Keeping guns from dangerous people, restricting courthouse immigration arrests, and limiting "deepfake" election videos are just a few of the new laws that will change California in 2020.
LOS ANGELES—Associate Justice Richard M. Mosk passed away after a brief illness on Sunday, April 17, 2016. Justice Mosk was the son of Supreme Court of California Associate Justice Stanley Mosk, and had just retired from the Court of Appeal, Second Appellate District, Division Five in March. He was 76.
Hundreds of new laws went into effect Jan. 1, including many that will protect the public and improve access to justice for all Californians.
From erasing old marijuana convictions to helping courts weather natural disasters, track the new laws that will change California courts in 2019.
A Q&A with Judge Donna Groman, a 2018 Distinguished Service Award recipient, who overcame a tough childhood to become an advocate for California's at-risk youth.
Clara Shortridge Foltz was a trial lawyer and a pioneer of the Women’s Suffrage Movement.
In the wake of wildfires that devastated parts of California’s Wine Country last October, nearly 100 civil lawsuits were filed against Pacific Gas and Electric Co. alleging the utility had a role in sparking the blaze. The answer to this influx was civil case coordination.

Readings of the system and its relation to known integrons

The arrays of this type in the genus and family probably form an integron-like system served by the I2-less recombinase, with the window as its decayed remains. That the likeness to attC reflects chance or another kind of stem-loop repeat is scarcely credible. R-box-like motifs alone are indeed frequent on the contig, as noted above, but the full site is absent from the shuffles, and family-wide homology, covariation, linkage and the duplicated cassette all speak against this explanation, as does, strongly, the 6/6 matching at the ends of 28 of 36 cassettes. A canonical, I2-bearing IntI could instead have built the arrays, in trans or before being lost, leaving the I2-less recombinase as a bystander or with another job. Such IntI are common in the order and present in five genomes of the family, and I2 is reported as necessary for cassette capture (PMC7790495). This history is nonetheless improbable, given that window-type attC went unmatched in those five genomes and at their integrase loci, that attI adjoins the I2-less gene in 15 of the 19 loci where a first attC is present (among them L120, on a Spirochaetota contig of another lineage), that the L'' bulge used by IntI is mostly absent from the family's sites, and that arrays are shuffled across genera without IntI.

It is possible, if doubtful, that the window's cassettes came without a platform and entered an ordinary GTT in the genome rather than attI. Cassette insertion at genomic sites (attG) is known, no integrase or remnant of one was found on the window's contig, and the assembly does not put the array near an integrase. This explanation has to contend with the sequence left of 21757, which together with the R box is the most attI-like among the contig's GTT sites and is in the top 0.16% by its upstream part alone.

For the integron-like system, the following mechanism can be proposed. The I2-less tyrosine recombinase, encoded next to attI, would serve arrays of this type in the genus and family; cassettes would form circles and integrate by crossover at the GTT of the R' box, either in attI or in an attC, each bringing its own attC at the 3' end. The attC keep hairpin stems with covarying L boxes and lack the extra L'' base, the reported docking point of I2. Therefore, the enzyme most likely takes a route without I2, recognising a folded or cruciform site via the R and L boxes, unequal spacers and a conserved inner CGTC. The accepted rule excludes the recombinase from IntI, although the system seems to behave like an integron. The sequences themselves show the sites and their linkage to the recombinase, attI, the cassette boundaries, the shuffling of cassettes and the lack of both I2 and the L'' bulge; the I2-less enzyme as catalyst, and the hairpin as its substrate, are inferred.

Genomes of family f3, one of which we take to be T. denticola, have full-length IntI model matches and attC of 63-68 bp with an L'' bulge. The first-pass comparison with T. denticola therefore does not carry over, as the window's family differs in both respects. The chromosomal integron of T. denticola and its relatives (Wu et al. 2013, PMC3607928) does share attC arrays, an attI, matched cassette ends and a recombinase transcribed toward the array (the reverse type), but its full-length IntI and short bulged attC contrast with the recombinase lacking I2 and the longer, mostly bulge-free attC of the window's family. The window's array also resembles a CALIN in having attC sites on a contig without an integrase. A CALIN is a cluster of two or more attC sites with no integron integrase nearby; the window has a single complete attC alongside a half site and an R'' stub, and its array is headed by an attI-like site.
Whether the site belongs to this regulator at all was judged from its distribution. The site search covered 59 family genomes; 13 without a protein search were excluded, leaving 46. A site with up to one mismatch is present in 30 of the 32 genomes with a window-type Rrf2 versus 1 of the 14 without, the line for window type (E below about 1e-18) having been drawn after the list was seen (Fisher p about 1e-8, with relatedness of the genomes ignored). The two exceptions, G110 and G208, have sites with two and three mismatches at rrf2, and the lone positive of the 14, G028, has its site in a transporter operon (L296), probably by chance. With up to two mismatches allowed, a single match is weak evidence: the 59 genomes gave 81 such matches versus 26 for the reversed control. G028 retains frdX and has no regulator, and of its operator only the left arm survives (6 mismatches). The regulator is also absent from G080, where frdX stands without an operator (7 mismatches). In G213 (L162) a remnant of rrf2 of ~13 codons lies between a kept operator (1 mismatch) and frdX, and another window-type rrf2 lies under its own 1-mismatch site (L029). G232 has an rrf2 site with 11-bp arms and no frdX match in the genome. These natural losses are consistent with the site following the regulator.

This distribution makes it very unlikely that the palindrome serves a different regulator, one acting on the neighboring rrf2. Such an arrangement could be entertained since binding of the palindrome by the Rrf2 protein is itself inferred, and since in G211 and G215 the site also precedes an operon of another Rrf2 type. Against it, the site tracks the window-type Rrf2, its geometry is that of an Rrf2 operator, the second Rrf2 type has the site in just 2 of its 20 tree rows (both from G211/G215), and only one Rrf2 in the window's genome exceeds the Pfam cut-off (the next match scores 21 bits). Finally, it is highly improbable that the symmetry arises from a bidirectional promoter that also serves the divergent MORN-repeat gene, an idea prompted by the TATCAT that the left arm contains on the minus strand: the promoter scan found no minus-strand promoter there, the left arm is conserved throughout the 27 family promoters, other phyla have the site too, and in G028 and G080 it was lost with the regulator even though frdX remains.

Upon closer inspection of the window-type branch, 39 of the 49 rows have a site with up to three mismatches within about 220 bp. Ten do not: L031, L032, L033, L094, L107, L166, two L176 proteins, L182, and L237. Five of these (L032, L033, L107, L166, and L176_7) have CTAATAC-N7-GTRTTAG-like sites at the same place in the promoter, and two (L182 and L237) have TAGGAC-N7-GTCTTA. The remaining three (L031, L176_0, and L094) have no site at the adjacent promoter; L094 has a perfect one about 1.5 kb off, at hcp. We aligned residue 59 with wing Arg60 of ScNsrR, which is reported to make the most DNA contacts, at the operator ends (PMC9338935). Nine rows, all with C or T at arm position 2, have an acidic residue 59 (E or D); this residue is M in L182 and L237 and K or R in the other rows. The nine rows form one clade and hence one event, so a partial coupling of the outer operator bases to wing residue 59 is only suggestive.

A new proposal by the Commission on the Future of California’s Court System seeks to do away with the oversized consequences of traffic tickets by making minor offenses civil violations.
Chief Justice Tani G. Cantil-Sakauye, chair of the Commission on Judicial Appointments, announced that the commission today confirmed three appointments to the second and sixth appellate districts.
The Pretrial Reform and Operations Workgroup will host public comment sessions in Los Angeles and San Francisco on risk assessment tools as one component in pretrial decisionmaking.
At its January 17 meeting, the council received a final report on a three-year grant supporting 39 collaborative court and pretrial programs that tracked retention, recidivism, and failure to appear rates for participating defendants.
Learn more about the Pretrial Detention Reform Workgroup's recommendations, the California bail system and other reform efforts nationwide.